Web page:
I have participated in a number of great events and programs focused on sharing insights, advice and strategy for dealing with unique challenges facing women, especially businesswomen. Unfortunately, the majority of these events and programs are typically led or attended by women.
Making greater strides in advancing women requires changing the way we approach diversity and inclusion-related issues. We must do our best to engage and cultivate more men who are in positions to make critical decisions such as hiring, promotions and strategic financial investments in woman-owned businesses and philanthropic initiatives.
Moving the needle
While there has been progress toward gender equality, achieving greater progress often feels like moving a slow train. The same disappointing statistics are repeated like a broken record year after year about the need for more work on diversity in corporate boardrooms and nontraditional career fields for women.
Surely, the lack of more substantial progress signals we must be more strategic, creative and collaborative. Companies that “get it” view barriers to inclusion as critical business issues.
More than 85 percent of individuals entering today’s workplace are women and minorities. Women and men must work together to ensure that everyone is contributing to the growth and competitiveness of their organization in today’s economy.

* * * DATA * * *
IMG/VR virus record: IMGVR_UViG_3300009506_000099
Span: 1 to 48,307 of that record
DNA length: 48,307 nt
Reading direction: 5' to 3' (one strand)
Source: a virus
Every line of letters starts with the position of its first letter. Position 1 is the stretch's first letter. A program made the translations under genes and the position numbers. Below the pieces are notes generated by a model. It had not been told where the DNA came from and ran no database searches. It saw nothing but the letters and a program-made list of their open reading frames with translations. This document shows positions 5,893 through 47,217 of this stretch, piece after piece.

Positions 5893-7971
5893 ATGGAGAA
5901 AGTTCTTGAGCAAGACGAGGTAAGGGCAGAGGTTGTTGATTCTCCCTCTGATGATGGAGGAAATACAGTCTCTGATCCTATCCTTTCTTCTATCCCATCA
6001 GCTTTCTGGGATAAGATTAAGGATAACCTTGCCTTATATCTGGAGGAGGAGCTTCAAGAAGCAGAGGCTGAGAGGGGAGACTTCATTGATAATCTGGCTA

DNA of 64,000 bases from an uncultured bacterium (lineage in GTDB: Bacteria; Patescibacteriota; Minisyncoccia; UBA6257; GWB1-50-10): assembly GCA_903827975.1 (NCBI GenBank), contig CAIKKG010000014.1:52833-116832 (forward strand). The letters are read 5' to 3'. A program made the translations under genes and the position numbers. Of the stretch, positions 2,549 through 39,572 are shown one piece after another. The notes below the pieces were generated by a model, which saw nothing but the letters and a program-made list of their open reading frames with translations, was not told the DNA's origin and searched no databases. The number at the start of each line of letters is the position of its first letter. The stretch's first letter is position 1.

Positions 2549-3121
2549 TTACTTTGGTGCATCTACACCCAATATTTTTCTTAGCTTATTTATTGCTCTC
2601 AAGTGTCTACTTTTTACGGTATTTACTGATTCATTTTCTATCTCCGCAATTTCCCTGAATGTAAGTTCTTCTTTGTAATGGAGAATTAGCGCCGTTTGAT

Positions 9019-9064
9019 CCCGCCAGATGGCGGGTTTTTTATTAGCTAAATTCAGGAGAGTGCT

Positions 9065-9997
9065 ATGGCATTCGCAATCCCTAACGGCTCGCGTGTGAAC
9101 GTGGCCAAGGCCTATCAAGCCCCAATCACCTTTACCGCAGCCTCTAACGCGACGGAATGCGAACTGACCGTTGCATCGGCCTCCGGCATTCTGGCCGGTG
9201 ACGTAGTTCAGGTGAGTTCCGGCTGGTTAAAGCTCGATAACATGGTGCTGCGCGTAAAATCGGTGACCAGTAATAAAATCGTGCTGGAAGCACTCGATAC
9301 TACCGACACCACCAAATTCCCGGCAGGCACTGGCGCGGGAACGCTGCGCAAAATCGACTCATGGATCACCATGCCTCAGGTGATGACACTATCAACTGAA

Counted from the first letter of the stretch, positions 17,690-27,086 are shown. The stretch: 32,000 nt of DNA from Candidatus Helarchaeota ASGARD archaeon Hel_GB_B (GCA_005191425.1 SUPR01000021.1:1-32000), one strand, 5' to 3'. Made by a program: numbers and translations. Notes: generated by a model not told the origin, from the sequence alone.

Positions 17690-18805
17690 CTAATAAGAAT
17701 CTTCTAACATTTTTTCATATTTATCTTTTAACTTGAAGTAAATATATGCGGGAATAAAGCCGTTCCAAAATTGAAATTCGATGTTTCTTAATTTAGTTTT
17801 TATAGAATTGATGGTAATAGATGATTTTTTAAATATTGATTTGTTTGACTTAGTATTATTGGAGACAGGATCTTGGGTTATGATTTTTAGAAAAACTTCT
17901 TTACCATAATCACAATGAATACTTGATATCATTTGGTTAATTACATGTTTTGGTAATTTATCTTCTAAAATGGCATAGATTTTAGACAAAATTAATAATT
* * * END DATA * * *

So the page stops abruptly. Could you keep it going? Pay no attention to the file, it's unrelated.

A comprehensive approach
One company that is making great strides in involving men in the advancement of women as a business strategy is Cardinal Health. Since 2012, its Women’s Initiative Network has involved male leaders in women’s conferences — and engaged them in key conversations about equal pay, diversity and work/life integration.
Cardinal Health also has appointed a male executive to be its “gender partnership” advocate to help lead the way for other men to support female employees.
There have been many positive results from Cardinal’s comprehensive approach to inclusion, including the significant rise of women in leadership. There are now 329 women in director roles, up from 262 in 2010.
Doing our part
As part of the Smart Women Awards program Smart Business is doing its part to engage and recognize male advocates through the Guy Who Gets It award. This award provided community members the opportunity to nominate men who have a great track record of investing in and supporting women through volunteerism and exemplary community and business programs.
Award winners and finalists will be recognized at our annual Smart Women Breakfast, which also recognizes specific achievements of inspiring businesswomen. Our goals include not only recognizing award honorees, but also using their stories and strategies to inspire others to think and work in a more inclusive way.
How do you find “guys who get it?” Start by looking around you. You may find them by simply extending an invitation for them to participate in a program or conversation. This seemingly small gesture has the potential to address many of the issues and concerns you have about diversity and inclusion and the overall success of your organization in a more strategic and effective way.
TaKeysha Cheney is a Vice President of Business Development at Smart Business. Smart Women shares advice and achievements of local businesswomen, inspiring male advocates and effective women’s programs.